MOST Unpleasant surprise: Feds say opened email stored remotely can be accessed without warrant
American government agencies requested 13,735 requests to read private Gmail accounts
The United States prides itself on privacy for its citizens. It comes as a most, MOST unpleasant surprise to learn that the U.S. federal government says that email stored remotely - on accounts like Google's Gmail, can be freely accessed by government agencies. To this end, various U.S. agencies made 13,753 requests to access privately held Gmail accounts for the year 2012, more than half without warrants - alone.
More frighteningly, the majority of these 13,753 requests, 6,542 of 8,438 in the latter half of 2012 alone, were done without a search warrant.
More frighteningly, the majority of these 13,753 requests, 6,542 of 8,438 in the latter half of 2012 alone, were done without a search warrant. Google did not make available any detailed data prior to June 2012, nor did it make available which requests came from the federal government and which came from state or local law enforcement agencies.
Google spokesman Chris Gaither said the company only started tracking which type of legal authority - subpoena, court order, or search warrant - was used in the latter half of 2012. The Internet Search Engine giant issues biannual reports on the requests for user data it receives from government agencies from around the world, including ones in the U.S.
Google announced in June 2012 that it had 425 million active Gmail subscribers, making it the largest e-mail provider in the world. Providing users the ability to store documents via its Google Drive service, phone service via Google Voice, YouTube, personal blogs via Blogger, as well as email hosting services for corporate clients through Gmail.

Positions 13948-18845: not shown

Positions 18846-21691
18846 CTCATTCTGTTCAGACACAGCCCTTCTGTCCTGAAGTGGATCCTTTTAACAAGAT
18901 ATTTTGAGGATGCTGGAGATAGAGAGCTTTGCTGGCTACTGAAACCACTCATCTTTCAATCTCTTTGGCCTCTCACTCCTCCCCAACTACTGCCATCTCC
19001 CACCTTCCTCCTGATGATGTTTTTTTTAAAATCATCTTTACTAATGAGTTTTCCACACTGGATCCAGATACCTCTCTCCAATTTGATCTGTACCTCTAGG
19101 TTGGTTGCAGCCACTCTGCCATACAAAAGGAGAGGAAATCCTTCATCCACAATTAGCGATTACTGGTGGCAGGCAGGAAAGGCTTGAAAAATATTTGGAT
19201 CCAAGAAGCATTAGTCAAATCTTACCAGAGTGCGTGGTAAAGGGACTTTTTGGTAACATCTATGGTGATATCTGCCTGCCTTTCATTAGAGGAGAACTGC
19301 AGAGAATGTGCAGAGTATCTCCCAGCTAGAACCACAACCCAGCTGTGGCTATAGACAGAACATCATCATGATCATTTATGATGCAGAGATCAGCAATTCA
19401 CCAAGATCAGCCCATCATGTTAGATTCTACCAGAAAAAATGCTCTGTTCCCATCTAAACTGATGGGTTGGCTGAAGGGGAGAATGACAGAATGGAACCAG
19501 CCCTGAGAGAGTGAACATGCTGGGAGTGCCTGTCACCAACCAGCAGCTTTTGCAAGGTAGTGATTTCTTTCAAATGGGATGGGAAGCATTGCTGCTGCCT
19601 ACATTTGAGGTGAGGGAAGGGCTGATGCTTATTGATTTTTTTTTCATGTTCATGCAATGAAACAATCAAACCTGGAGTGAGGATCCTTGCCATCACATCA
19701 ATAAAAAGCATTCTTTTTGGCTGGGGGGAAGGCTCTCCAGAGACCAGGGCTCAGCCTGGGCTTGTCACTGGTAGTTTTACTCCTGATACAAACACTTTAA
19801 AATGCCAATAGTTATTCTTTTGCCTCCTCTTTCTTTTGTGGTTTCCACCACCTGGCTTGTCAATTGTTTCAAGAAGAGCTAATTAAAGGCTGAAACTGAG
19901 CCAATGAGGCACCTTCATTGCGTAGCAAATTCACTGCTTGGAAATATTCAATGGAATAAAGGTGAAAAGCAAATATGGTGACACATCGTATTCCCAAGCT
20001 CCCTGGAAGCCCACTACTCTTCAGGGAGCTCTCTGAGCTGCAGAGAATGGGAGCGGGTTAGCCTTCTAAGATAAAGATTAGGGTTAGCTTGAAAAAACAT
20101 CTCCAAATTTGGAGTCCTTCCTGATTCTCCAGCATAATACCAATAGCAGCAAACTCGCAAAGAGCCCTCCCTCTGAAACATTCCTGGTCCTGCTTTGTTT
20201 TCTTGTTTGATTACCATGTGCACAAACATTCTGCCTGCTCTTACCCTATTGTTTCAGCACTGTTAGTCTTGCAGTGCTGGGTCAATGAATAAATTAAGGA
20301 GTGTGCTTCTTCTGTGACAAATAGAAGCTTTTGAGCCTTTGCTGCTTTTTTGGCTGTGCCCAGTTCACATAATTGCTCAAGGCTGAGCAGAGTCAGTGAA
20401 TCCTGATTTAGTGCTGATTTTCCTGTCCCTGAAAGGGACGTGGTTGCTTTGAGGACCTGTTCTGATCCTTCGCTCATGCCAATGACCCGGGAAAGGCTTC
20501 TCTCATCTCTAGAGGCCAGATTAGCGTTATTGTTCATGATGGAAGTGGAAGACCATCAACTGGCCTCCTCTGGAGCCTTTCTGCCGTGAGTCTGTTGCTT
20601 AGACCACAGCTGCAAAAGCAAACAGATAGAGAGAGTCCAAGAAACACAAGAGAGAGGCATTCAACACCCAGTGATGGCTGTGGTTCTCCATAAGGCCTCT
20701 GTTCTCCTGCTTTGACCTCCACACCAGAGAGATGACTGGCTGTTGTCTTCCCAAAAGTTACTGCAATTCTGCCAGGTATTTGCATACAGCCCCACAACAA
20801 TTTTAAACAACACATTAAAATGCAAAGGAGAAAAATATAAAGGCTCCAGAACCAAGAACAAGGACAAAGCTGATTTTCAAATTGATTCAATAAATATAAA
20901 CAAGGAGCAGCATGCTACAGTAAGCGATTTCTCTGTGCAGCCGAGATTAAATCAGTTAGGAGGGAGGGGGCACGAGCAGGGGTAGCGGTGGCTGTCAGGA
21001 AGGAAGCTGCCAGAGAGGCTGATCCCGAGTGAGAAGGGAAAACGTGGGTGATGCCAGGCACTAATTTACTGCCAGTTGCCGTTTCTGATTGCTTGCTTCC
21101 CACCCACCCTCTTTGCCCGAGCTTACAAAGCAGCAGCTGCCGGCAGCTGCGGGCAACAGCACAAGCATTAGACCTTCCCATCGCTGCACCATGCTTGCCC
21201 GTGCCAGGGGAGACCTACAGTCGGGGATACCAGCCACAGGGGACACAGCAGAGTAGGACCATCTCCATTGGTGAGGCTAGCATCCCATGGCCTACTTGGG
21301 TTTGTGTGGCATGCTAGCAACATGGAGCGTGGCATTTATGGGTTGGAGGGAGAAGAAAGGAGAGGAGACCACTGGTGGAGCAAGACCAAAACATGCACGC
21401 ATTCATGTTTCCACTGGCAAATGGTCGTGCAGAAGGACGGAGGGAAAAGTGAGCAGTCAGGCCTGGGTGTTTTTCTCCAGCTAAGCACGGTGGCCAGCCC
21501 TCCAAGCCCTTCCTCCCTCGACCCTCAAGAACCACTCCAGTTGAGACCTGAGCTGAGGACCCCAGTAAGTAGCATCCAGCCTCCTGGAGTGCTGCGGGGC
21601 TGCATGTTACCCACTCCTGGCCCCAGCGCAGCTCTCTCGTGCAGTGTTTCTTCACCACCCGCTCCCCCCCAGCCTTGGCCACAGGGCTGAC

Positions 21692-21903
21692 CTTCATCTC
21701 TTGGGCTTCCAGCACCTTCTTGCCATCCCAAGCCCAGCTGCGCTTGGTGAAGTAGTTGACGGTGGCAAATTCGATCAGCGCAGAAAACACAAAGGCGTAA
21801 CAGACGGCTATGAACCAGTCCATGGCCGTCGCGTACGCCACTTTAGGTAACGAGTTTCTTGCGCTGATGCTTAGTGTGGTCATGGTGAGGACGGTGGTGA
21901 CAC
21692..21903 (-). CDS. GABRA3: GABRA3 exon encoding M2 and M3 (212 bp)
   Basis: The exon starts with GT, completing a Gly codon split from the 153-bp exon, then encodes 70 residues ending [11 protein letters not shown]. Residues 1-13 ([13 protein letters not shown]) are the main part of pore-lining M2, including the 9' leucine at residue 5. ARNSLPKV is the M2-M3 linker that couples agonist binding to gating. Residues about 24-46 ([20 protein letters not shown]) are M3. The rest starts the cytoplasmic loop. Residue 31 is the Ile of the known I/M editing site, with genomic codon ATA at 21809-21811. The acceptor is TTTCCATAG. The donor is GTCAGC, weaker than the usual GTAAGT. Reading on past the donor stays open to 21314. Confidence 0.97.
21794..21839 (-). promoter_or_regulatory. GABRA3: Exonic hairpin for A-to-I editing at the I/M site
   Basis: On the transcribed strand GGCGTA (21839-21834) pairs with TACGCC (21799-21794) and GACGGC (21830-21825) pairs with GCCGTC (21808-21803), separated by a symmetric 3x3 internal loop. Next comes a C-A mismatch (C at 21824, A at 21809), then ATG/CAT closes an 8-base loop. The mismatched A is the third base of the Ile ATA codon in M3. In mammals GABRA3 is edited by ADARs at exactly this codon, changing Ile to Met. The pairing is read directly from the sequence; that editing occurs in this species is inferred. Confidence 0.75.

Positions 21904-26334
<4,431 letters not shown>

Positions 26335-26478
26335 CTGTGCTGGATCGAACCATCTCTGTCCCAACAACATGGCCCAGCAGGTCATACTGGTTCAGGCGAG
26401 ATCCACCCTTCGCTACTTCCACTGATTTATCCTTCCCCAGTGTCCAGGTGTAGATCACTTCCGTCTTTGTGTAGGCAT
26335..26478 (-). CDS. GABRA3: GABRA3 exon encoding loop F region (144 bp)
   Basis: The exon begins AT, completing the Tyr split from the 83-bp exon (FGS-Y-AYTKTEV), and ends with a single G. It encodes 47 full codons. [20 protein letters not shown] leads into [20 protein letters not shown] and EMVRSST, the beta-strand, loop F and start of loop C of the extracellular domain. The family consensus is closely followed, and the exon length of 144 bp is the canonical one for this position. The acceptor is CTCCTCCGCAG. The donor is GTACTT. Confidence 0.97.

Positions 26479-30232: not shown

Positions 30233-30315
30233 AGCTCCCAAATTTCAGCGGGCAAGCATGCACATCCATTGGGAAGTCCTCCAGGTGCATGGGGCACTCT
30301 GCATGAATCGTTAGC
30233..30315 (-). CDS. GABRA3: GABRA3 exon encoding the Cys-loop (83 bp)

Google keep records of all email and other communication sent through its e-mail, telephone, YouTube, and other services, storing the information on cloud servers. This allows government agencies, local, state, and federal, to access some information without a warrant. (An unfortunate circumstance that prompts some to think, some "clouds" don't always have a silver lining!)
Federal law allows government agencies to access Google's archived email and other data, including chat logs, YouTube user information, voice messages, and blogger information without obtaining a search warrant or establishing probable cause, and Google says that it complies with the vast majority of government requests for data.
The federal law that allows this is known as the Electronic Communications Privacy Act (ECPA) which says that opened email stored remotely, which is not on a computer's hard drive can be accessed without a warrant.
If the government wants to read the content of an email accessed through Gmail, hear a voicemail message sent over Google's telephone service Google Voice, or read other private content; it must still obtain a search warrant under federal law.
However, information not sent in the body of an email or recorded in a voice message can be obtained by a simple subpoena - which does not require a government agency to show probable cause.
© 2013, Distributed by NEWS CONSORTIUM.
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Pope Benedict XVI's Prayer Intentions for January 2013
General Intention: The Faith of Christians. That in this Year of Faith Christians may deepen their knowledge of the mystery of Christ and witness joyfully to the gift of faith in him.
Missionary Intention: Middle Eastern Christians. That the Christian communities of the Middle East, often discriminated against, may receive from the Holy Spirit the strength of fidelity and perseverance.
Keywords: Gnmail, privacy, cloud accounts, government agencies
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